The Hon. Don Boudria
Chair, Cabinet Special Committee of Council
Leader of the Government in the House of Commons
June 17, 2002
I am writing to urge you, as a member of the Cabinet Special Committee of Council, to vote against the revocation of the citizenship of Wasyl Odynsky when your committee meets to discuss this matter on Wednesday June 19, 2002.
The revocation of Mr. Odynsky's citizenship has been recommended by the War Crimes Unit of the Department of Justice (acting through the Minister of Citizenship and Immigration) on the grounds that Justice Andrew MacKay found on a balance of probabilities that Mr. Odynsky lied upon entering Canada over 50 years ago. I stress the balance of probabilities point because there is no way anyone can conclusively prove whether somebody lied upon entering Canada during of the post-World War II period, since all the immigration documents of that time have been destroyed by order of the Government of Canada.
I must also point out that the recommendation of Mr. Odynsky's citizenship comes under a policy designed to deal with "alleged war criminals", which Mr. Odynsky definitely is not. To be an "alleged war criminal" you first have to be charged with a war crime. Mr. Odynsky was never charged with a war crime in the 1997 Statement of Claim issued against him by the War Crimes Unit of the Department of Justice. He was charged only with withholding information about serving as a Trawniki Camp guard during the war.
In his judgement, Justice MacKay not only found that "there was no evidence at trial that Mr. Odynsky participated personally in any incident involving mistreatment of prisoners or of any other person during his service", he also found that "there is no doubt that Odynsky's service was not voluntary." In fact, Justice MacKay noted that Mr. Odynsky did try to escape from the Nazis, and was caught along with four friends. According to Justice MacKay's ruling: "…they were held in detention, first threatened with death, then told that there was a reprieve and they would be sent for training, but any further attempt to escape service would lead to their execution when caught, and if they avoided capture their families would be sent to concentration camps." By all logic, Mr. Odynsky should be considered a "Nazi victim" as opposed to an "alleged Nazi war criminal."
Bearing in mind that when the policy of revocation of citizenship was first announced in 1995, the government of Canada stated in a press release that: "The key criterion in all these proceedings is the existence of some evidence of individual criminality. If that cannot be proven, no proceedings will be considered."
By these guidelines, Mr. Odynsky's case should never have been started, once started, it never should have gone to court and, once the ruling came, the revocation of his citizenship should never have been recommended. Surely now the Cabinet Special Committee of Council cannot, in all justice, approve the revocation of his citizenship.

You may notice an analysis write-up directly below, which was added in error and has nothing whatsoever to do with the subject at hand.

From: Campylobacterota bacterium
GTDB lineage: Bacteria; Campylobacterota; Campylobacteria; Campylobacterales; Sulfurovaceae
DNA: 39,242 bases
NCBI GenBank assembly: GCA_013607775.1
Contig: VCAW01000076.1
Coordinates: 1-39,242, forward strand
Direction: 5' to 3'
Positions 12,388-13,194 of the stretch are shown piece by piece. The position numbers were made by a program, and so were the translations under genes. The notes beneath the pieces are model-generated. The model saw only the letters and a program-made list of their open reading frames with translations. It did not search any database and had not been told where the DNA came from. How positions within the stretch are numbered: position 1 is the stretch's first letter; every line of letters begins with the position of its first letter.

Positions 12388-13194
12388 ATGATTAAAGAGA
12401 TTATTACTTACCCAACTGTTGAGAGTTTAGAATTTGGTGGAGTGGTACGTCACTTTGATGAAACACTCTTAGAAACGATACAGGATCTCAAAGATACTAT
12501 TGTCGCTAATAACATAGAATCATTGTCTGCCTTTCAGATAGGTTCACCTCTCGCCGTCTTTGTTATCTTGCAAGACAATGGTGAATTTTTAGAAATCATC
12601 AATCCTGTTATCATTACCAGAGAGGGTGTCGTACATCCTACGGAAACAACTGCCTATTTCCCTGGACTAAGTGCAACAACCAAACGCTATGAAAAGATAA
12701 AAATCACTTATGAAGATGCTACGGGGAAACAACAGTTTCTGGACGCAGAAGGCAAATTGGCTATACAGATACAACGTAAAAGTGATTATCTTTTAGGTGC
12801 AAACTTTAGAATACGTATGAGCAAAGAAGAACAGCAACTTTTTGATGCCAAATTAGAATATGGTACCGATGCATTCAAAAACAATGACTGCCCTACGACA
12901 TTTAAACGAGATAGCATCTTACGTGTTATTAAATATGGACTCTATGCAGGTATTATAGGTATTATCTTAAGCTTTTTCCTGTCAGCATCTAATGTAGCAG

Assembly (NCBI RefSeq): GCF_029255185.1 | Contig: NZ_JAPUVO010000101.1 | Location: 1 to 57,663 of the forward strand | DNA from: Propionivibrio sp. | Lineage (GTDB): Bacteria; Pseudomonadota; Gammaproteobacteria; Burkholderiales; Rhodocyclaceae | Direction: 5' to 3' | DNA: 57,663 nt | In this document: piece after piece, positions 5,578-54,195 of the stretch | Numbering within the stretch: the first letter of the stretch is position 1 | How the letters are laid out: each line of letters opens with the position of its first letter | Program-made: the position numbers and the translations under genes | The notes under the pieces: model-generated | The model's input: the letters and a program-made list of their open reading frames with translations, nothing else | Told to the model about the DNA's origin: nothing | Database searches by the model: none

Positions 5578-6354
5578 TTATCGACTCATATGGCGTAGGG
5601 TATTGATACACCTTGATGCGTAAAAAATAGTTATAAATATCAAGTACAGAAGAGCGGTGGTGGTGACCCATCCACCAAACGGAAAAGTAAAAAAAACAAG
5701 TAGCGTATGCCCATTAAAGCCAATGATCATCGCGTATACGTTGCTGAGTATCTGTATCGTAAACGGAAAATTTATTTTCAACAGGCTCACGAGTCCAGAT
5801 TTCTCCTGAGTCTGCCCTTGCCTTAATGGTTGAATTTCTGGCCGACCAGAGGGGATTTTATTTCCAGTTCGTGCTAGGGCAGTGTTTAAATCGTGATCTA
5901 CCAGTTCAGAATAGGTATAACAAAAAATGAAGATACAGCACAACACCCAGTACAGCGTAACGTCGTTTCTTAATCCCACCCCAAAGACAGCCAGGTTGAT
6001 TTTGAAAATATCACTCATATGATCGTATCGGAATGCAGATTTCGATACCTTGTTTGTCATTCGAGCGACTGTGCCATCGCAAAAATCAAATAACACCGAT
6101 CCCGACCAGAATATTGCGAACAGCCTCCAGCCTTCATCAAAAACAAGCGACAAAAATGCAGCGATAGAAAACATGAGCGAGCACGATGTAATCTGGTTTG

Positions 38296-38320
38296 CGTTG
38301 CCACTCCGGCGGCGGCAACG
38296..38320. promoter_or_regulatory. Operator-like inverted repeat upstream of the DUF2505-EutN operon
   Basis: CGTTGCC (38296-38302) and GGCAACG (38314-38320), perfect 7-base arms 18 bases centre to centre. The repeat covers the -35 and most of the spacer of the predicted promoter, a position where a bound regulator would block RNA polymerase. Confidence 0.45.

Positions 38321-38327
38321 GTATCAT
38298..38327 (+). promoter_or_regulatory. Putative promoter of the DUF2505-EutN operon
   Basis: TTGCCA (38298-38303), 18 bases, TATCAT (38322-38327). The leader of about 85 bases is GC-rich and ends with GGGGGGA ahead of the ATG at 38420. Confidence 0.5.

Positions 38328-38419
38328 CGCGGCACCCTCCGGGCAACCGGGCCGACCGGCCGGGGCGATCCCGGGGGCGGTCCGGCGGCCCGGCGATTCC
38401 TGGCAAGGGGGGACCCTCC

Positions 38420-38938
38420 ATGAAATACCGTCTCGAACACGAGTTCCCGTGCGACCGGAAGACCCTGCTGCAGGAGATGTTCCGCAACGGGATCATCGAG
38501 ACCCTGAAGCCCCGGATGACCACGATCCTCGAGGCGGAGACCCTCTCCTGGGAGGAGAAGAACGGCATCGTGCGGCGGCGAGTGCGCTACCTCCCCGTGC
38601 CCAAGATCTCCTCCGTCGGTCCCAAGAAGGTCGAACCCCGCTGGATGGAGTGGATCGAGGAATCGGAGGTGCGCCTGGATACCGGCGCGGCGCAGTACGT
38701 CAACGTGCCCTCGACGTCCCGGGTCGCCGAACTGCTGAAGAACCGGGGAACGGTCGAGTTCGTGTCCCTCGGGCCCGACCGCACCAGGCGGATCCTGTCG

I was greatly disturbed when, on Tuesday, June 11, when I called the Office of the Minister of Citizenship and Immigration to inquire about the Odynsky case as a journalist, I was told that all media enquiries regarding Mr. Odynsky would be handled by Terry Beitner, Chief Counsel for the War Crimes Unit of the Department of Justice. This, rightly or wrongly, leaves me with the impression that an unelected bureacrat with a vested interest in the program he heads, is calling the shots, as opposed to the elected representatives of the people.
Lastly, I would like to point out that the current method of revocation of citizenship has been overwhelmingly rejected by the grassroots members of the Liberal Party of Canada. First the British Columbia wing, then the Southwest region of the Ontario wing of the Liberal Party of Canada passed a resolution that calls upon the Government of Canada to "ensure that in cases of citizenship revocation, questions of fact and law, and guilt or innocence must be determined by the normal judicial process, free of political interference."
The resolution also states that the current citizenship revocation process does not allow fundamental justice, promised in the Charter of Rights to naturalized Canadians because it denies them the right of appeal in the case of citizenship revocation, a right that is automatic in civil and criminal proceedings or can be permitted by a higher court.
"In the present process, Cabinet makes the final decision on revocation in secret, with no representation for the person whose citizenship is being revoked and no review. It must be divested of a role for which it is unsuited, namely acting as a court of appeal in these cases. This process should be put in the hands of the courts where it belongs. Judges should be accountable to a higher court and not to politicians. Decisions affecting the human rights of a person should not be subject to political influence," states the resolution.
This resolution received the most priority votes of any coming from the Southwest Ontario region - getting 777 points in the priority voting - more than 50 percent above the second place priority resolution, which received 512 points. In British Columbia, this same resolution was the top priority resolution coming out of Social Policy Committee.
If the Cabinet Special Committee of Council votes to revoke Mr. Odynsky's citizenship, it will not only be committing a travesty of justice, it will also be ignoring the democratically expressed position of its own party delegates for those of an unelected bureaucrat.
Editor, Ukrainian News,
Members of Committee: Don Boudria, Sharon Carstairs, Denis Coderre, Martin Cauchon, Herb Dhaliwal, John Manley, Robert Nault, Lucienne Robillard, Robert Thibault, Lyle Vanclief
Parliamentary secretaries: Geoff Regan, Deborah Palumbo, Mark Assad, Paul Macklin, Benoit Serre, Joe Jordan, John Finlay, Alex Shepherd, Georges Farrah, Larry McCormick